Join the action campaign: Go to Whole Foods today and ASK

 

To set the record straight, I’m asking you to go to your local Whole Foods store TODAY and ask the store manager this question: “Why are you selling rice proteins containing such high levels of toxic heavy metals like lead, cadmium and tungsten?”

Email the response you get to reply@naturalnews.com, and be sure to include the city of the store. (We won’t use your name, don’t worry. But we are collecting responses from various Whole Foods stores to see how many are informed about this issue.)

Nearly all the rice protein sold at Whole Foods, by the way, comes from China and other Asian countries where environmental standards are rarely enforced. Just recently in fact, the Chinese government declassified a once-secret document admitting that 20% of China’s farms are contaminated with toxic heavy metals.

This is where a lot of the rice protein sold at Whole Foods really comes from. But instead of admitting these products contain toxic heavy metals, some Whole Foods managers appear to be routinely misleading customers.

Confirmed: Whole Foods keeps selling rice protein products containing high levels of toxic heavy metals

Just to make sure this is still going on, I went to the Whole Foods headquarters in Austin Texas last week and purchased nearly $700 worth of products (see the scan of my receipt, to the right). The receipt appears to be in two parts because Whole Foods prints items on the FRONT and the BACK of each receipt, so I had to stitch together two photos.

The results of testing these rice proteins in my ICP-MS laboratory — the Natural News Forensic Food Labs — once again confirms alarming levels of lead, cadmium and tungsten in multiple rice protein products sold by Whole Foods. If you’re curious how I found tungsten in these products, click here to see the videos from our lab.

Here are just some of the results we found from rice proteins purchased at Whole Foods last week (1,000 ppb = 1 ppm)

Brown Rice Chocolate Protein (Lot #50696014) purchased at Whole Foods
Lead: 312 ppb (over 1,000% higher than California Prop 65 daily intake limit, based on serving size)
Cadmium: 1015 ppb
Tungsten: YES (“YES” means tungsten was detected at significant concentrations)

Raw Rice Protein Chocolate (Lot #I3553A #I3562) purchased at Whole Foods
Lead: 311 ppb (over 1400% higher than California Prop 65 daily intake limit, based on serving size)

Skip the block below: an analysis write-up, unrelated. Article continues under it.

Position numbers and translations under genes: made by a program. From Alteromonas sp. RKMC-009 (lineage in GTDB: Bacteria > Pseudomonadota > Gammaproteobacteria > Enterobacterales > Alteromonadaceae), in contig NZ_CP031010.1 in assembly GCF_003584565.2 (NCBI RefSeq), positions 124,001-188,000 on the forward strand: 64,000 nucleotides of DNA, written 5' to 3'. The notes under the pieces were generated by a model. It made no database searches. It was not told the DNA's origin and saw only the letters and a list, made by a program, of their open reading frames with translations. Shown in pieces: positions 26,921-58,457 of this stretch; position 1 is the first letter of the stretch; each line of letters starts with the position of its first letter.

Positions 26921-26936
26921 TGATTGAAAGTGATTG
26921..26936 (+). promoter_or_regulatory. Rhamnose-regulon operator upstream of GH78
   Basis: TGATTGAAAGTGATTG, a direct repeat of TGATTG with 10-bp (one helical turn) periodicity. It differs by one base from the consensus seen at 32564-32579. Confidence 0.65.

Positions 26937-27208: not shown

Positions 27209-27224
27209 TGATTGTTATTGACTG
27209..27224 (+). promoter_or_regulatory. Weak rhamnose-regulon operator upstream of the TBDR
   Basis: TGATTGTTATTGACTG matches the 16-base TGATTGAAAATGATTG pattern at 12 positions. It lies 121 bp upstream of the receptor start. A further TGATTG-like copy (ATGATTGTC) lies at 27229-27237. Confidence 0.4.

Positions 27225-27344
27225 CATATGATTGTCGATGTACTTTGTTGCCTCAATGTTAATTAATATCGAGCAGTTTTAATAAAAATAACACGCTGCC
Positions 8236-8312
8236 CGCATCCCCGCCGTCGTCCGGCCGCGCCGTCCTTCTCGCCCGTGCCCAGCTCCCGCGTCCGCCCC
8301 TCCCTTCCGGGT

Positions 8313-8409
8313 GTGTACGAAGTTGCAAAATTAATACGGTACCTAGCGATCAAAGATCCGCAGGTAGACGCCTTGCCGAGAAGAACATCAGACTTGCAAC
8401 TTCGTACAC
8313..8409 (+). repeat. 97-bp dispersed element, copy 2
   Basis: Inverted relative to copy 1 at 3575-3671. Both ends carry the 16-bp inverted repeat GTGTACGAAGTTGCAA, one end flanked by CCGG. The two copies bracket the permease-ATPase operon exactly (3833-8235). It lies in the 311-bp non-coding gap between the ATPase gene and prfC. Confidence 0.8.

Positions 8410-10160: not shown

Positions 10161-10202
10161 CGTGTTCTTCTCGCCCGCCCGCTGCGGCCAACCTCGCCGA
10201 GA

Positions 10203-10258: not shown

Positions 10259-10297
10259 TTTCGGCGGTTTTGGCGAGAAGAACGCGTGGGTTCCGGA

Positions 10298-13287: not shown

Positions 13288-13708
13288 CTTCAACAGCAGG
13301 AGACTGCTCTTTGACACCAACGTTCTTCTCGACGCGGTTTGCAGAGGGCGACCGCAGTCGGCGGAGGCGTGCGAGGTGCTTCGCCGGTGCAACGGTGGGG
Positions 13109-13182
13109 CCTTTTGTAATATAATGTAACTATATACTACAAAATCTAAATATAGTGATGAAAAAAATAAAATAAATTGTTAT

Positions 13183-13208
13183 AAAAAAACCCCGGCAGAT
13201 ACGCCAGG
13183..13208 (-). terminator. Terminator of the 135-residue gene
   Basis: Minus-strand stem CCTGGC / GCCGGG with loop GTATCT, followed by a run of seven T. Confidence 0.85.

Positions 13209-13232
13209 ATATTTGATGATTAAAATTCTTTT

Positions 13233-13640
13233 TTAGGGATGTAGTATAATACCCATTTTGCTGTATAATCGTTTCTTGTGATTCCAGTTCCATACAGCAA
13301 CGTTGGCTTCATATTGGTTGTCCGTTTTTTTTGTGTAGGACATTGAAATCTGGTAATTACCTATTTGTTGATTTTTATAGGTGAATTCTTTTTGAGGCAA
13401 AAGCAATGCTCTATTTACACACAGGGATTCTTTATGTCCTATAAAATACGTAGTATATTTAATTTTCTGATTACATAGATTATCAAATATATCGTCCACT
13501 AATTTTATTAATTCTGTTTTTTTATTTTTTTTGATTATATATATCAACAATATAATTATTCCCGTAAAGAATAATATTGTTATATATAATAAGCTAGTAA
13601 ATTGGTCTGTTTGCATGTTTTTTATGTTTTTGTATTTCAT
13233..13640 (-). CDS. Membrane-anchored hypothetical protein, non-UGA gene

Cadmium: 1731 ppb
Tungsten: YES

 

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Over 250 million Americans are addicted to ‘food drugs’ and suffering the consequences

Monday, April 21, 2014 by: S. D. Wells

 

food

(NaturalNews) What? — Food drugs? What on Earth are you talking about? Do you mean “they,” as in “Big Food,” are putting prescription drugs inside food and drinks? Do you mean that scientists are working in labs right now figuring out how to make humans addicted to certain food additives and agents? Is that what you mean by food drugs? Health enthusiasts everywhere want to know.

The Health Ranger is studying this phenomenon in the Natural News Forensic Food Lab — using microscopy and other high-tech scientific equipment for measuring chemical levels in foods, including toxic heavy metals like lead, cadmium and aluminum. Do you ever wonder how many chemicals are in foods? Try about 70,000 different ones that are allowed by the FDA! How can you even start to filter them out of your daily intake? That’s easy. You just have to prioritize. Start with identifying and eliminating toxic heavy metals and pesticides, the two largest contributors to disease and disorder in the U.S. of A. (http://www.organicconsumers.org)

Junk Science Addicts Galore

What is junk science? Who invests in it? Who is responsible for this insidious development?
(http://www.naturalnews.com)

Why does the Biotech Industry and the late great healthcare scam of Obamacare want you addicted to junk food? What is the big picture and what is the grand connection here? Do they bioengineer aspartame (central nervous system disruptor) and MSG (another CNS disruptor) to make you hungrier and make you gain weight? Yes. They do. And do they bioengineer bug killer and weed killer to ruin your good gut bacteria, your flora? Yes.